World

Trump moves to revoke Hong Kong privileges

By AAP Newswire

In a move aimed at punishing China, President Donald Trump has ordered his administration to begin the process of eliminating special US treatment for Hong Kong.

Howver he stopped short of calling an immediate end to privileges that have helped the territory remain a global financial centre.

In making the announcement, Trump used some of his toughest rhetoric yet against China, saying Beijing had broken its word over Hong Kong's autonomy by moving to impose new national security legislation and the territory no longer warranted US economic privileges.

At a White House news conference, Trump called this a tragedy for the people of Hong Kong, China and the world.

"We will take action to revoke Hong Kong's preferential treatment as a separate customs and travel territory from the rest of China," Trump said, adding that Washington would also impose sanctions on individuals seen as responsible for "smothering - absolutely smothering - Hong Kong's freedom."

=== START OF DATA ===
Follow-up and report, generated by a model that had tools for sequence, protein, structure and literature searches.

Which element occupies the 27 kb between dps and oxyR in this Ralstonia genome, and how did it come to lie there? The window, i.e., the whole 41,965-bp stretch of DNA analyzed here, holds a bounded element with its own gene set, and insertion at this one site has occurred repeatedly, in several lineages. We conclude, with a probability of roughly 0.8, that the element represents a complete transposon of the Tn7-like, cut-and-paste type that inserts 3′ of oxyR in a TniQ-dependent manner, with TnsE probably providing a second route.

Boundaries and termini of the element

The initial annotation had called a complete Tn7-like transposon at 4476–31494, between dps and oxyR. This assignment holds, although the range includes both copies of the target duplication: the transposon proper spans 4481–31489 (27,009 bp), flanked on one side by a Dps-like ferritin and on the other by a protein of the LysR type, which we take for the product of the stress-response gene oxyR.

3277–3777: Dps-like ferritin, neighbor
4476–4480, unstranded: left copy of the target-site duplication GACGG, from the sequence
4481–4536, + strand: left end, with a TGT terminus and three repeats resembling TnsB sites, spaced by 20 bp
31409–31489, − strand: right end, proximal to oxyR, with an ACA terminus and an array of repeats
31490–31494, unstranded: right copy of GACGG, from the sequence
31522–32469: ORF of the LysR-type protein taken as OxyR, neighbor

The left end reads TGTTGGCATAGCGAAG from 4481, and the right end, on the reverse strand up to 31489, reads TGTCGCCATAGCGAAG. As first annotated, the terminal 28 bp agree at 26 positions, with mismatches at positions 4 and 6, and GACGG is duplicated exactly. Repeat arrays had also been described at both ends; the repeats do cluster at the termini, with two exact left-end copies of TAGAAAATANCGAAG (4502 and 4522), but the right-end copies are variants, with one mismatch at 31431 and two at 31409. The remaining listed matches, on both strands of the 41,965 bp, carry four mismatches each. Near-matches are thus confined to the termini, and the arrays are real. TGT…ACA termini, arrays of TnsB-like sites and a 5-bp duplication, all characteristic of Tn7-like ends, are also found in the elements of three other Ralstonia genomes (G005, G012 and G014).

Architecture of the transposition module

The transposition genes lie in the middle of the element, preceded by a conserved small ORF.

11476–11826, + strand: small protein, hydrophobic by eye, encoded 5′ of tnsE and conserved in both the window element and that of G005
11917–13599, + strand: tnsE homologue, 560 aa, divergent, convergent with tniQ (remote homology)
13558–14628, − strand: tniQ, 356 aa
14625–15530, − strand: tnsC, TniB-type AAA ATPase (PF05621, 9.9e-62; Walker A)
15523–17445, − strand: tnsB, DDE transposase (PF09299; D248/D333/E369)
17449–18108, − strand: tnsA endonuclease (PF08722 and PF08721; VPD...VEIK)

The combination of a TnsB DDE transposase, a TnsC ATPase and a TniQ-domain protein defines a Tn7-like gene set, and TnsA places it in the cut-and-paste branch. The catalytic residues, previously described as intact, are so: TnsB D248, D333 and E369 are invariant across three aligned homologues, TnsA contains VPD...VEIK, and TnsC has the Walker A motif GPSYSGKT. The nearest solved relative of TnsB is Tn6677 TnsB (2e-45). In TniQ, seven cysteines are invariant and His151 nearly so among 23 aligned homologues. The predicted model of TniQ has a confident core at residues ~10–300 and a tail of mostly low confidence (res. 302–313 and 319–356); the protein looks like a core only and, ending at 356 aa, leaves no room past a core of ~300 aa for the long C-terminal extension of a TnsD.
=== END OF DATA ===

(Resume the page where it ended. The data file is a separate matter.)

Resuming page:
China's state-run Global Times newspaper called Trump's announcement "recklessly arbitrary."

The President attacked Beijing over the coronavirus pandemic, saying China's "malfeasance" was responsible for massive suffering and economic damage worldwide.

Trump also said he was issuing a proclamation to better safeguard vital university research by suspending entry of foreign nationals from China identified as potential security risks.

Sources, including a current US official, told Reuters on Thursday that the latter move could affect 3,000 to 5,000 Chinese graduate students.

Financial markets saw Trump's announcement as more bark than bite and US stocks finished mostly higher as it was seen as less threatening to the US economy than investors had feared.

While Trump gave no time frame for moves, two sources said that options under consideration included setting a deadline of a year from now for China to step back or else face full revocation of Hong Kong's special status.

Such a deadline would buy time to avoid a major rupture in relations ahead of the November 3 US election.

Earlier, Hong Kong's Beijing-backed government told Washington to keep out of the national security debate, and warned that withdrawal of the financial hub's special status could backfire on the US economy.

Chinese authorities and Hong Kong's government say the security legislation poses no threat to the city's autonomy and the interests of foreign investors will be preserved.